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Good quality medical records are essential to the
proper ongoing care of patients and the defence of any claims made
A 'medical record' is a general term for all of the information
collated about a patient for the purpose of treating that patient,
Medical records should include the following information:
Medical records should also comply with any relevant legislation
for record keeping.
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In a private medical practice, the ownership of the medical
records depends on the structure of the practice in which the
doctor works. It is advisable for doctors to clarify ownership of
the medical records at the beginning of a contract to avoid any
disputes when the doctor leaves the practice as to whether copies
of the medical records can be taken with the doctor.
Subpoenas or summonses seeking production of medical records for
legal proceedings should be addressed to the owner of the
Medical records may be kept in paper or electronic format, or a
combination of both. Where a 'hybrid' of paper and electronic
records is used, a system is required to cross reference the
records for each patient. Electronic records need to be kept in a
form that allows them to be printed out as required.
Medical records should be retained for as long as required by
relevant Australian, state or territory government legislation.
Generally, this means that inactive individual patient medical
records should be kept until the patient has reached the age of 25
years or for a minimum of seven years from the time of last contact
- whichever is the longer.
Medical records checklist
Disposing of paper copies of notes that have been transferred or
scanned into the electronic records is allowed as long as the
disposal is done in a manner which preserves confidentiality and
complies with legislative requirements. In New South Wales, a
register of all records that have been destroyed should be kept.
Whilst this is not a requirement in other states, it would be
considered good practice to keep a record in other states as
Organisations that hold health information must take reasonable
steps to protect the information from loss and unauthorised use or
To ensure that electronic records are kept safe from damage,
loss or theft complete backup of the computer record should be
performed on a regular basis and the backup discs stored off-site.
Computers should be password protected and the passwords changed on
a regular basis.
Seek advice from an IT specialist regarding protection against
unauthorised access, amendment of records, computer viruses,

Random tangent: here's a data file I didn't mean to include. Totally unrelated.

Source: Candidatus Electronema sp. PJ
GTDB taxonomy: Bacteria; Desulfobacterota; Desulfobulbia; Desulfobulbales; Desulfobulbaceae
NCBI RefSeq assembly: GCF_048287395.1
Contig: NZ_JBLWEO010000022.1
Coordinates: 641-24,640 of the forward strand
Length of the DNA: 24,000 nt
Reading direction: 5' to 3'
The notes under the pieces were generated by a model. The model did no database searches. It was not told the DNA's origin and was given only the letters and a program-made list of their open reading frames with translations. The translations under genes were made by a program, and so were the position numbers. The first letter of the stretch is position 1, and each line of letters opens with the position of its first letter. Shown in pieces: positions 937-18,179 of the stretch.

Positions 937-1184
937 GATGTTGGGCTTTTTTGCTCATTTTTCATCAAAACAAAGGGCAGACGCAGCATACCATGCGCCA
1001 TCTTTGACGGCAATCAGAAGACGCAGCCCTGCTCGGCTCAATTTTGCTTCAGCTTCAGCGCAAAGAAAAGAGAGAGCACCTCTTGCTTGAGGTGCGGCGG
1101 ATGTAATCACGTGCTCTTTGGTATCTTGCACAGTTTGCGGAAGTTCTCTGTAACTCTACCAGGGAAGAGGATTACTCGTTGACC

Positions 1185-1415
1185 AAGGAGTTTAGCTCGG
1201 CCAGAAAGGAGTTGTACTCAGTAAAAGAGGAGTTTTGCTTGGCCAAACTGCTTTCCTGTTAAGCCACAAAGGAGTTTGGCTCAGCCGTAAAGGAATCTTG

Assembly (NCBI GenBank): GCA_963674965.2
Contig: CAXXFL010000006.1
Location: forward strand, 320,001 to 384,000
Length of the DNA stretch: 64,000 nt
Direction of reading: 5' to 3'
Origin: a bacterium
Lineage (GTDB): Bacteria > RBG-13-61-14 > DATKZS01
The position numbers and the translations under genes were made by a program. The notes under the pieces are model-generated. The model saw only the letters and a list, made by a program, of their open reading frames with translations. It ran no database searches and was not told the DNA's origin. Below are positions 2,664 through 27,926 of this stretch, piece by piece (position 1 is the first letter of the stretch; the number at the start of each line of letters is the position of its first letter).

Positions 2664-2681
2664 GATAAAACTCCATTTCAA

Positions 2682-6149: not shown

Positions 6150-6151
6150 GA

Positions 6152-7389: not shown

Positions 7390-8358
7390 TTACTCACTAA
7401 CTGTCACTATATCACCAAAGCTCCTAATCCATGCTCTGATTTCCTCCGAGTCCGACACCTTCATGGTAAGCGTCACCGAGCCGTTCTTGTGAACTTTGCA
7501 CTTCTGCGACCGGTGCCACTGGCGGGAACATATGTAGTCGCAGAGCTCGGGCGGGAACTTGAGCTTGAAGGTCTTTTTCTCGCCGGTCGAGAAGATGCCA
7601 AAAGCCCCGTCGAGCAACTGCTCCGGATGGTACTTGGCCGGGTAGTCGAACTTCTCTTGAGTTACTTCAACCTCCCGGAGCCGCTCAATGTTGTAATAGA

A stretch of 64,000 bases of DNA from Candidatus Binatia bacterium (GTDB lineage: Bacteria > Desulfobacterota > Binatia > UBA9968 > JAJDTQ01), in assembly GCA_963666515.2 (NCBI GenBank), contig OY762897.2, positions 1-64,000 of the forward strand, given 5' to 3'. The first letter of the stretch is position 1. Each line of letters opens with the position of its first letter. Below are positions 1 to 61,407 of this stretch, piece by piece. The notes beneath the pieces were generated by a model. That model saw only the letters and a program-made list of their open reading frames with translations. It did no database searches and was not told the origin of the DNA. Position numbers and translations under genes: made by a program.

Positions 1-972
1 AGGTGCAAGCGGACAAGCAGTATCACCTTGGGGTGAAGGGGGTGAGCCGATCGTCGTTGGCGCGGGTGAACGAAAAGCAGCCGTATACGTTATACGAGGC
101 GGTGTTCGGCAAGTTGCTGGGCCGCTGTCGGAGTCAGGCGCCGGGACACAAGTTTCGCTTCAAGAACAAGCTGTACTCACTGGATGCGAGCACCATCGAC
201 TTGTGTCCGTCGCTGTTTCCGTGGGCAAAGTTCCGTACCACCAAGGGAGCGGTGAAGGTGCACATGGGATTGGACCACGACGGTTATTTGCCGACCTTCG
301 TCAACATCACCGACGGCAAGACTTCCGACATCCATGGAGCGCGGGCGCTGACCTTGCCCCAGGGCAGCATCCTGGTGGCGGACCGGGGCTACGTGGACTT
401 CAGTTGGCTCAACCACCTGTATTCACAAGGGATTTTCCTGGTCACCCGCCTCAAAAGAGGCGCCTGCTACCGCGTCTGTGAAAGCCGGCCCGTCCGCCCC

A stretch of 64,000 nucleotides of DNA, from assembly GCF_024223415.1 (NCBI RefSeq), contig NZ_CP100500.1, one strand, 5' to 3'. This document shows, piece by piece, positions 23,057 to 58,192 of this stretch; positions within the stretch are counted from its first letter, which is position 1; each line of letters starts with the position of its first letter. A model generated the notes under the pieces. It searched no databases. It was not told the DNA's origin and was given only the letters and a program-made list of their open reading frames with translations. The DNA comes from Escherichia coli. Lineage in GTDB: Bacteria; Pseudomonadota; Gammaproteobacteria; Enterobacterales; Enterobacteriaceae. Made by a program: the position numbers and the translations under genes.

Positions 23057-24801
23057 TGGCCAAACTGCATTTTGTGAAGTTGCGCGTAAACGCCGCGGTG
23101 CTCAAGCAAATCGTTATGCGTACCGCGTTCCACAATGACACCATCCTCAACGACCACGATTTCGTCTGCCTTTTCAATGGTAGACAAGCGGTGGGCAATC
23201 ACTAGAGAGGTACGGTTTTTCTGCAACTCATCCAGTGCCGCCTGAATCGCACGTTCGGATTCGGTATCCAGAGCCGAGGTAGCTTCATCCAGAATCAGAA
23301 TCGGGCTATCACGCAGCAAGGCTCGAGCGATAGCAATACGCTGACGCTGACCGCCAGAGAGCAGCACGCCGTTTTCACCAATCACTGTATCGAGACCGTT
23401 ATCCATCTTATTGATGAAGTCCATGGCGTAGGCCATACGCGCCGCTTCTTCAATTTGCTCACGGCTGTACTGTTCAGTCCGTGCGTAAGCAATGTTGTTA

firewalls and quality of resolution of scanned documents.
See: RACGP Computer and information security standards
At common law, a patient does not have a right of access to his
or her medical records. However, under privacy legislation,
patients have a right to request access to their records. Access must be provided subject to any limitations and
procedures set out in the legislation.
Patients should ideally provide a written request for access to their records
or to request a transfer of their records. A copy of the request
should be kept in the patient's medical record.
If a patient wishes to transfer to another doctor, the new
practitioner is entitled to a treatment summary or a copy of the
records. The transfer date and location of transferred records
should be maintained in a register, and the transfer date added to
A reasonable cost can be charged for providing copies of medical
Article: A practical guide to managing medical record requests
Since July 2012, Australians have had the option of registering
for a personally controlled electronic health record (PCEHR). This
patient-controlled record is kept completely separate from the
patient's electronic medical record. The fact that a patient may
have a PCEHR does not alter the doctor's obligation to maintain a
medical record for the patient.
Access to, and disclosure of, information in the PCEHR is
subject to the PCEHR Act 2012 (Commonwealth) and associated rules
and regulations. Organisations registered with the PCEHR system
should be aware of their obligations under the legislation.
The Office of the Australian Information Commissioner (OAIC)
regulates the handling of information under the PCEHR system. It
recommends that health care providers should:
RACGP Electronic health records
RACGP Computer and Information security standards
Privacy obligations of medical practitioners in regard to patients' records and health information:Nationally, the Privacy Act 1988In New South Wales - Health Records and Information Privacy Act 2002In Victoria - Health Records Act 2001In Australian Capital Territory - Health Records (Privacy and Access) Act 1997